You're Not Imagining It-Study Shows Internal Medicine Doctors Have Negative Attitude Toward Type 2 Diabetes
You're Not Imagining It
Study Shows Internal Medicine Doctors Have Negative Attitude Toward Type 2 Diabetes
Doctors specializing in internal medicine, including attending physicians and those in training, are less likely than primary care doctors to accept the seriousness of type 2
diabetes, value the need for good glucose control or believe that people with the disease need special training in diabetes self-care. These findings held regardless of the doctors' age, gender or level of training.
Older physicians, however, "were more likely to appreciate the need for special training in teaching, counseling, and behavior change techniques for health care professionals who care for patients with diabetes," the study notes.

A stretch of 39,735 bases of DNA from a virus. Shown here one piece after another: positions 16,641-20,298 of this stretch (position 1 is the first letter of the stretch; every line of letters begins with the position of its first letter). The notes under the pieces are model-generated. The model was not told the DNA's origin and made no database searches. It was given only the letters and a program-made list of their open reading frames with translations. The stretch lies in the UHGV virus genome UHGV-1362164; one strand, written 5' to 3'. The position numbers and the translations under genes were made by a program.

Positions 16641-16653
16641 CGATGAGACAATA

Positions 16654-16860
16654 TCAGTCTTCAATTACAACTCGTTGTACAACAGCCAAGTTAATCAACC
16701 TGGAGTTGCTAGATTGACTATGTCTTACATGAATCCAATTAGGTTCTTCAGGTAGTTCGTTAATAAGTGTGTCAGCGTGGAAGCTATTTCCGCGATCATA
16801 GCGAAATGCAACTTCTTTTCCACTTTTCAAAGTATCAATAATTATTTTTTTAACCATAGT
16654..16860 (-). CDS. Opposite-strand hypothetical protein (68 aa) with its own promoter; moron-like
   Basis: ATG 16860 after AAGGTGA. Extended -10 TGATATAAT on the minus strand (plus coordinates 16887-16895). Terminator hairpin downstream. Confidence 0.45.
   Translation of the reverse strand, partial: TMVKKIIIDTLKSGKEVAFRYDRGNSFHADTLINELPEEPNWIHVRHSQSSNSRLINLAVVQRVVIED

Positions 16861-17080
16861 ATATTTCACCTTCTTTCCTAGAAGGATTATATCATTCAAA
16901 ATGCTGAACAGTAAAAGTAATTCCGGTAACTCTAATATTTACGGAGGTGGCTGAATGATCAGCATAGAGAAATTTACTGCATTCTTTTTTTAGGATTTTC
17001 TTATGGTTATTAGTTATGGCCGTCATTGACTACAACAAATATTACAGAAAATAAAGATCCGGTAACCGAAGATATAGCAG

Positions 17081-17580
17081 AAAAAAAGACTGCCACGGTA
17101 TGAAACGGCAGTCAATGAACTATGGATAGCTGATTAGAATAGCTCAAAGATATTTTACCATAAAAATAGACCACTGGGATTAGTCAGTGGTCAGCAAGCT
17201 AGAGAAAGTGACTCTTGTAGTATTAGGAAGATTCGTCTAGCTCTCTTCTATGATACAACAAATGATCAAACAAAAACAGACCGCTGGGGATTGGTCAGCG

Citing "certain negative attitudes toward type 2 diabetes" on the part of the internists, the researchers write that "there is a need for a change in the attitudes of internal medicine physicians toward type 2 diabetes. Of particular importance is the need for physicians to acknowledge patient autonomy in diabetes self-management. Negative attitudes toward patient autonomy can impede patient-physician collaboration, which is particularly essential in the management of type 2 diabetes."
- Southern Medical Journal, January 2002
Diabetes, Diabetes, General, Type 2 Issues
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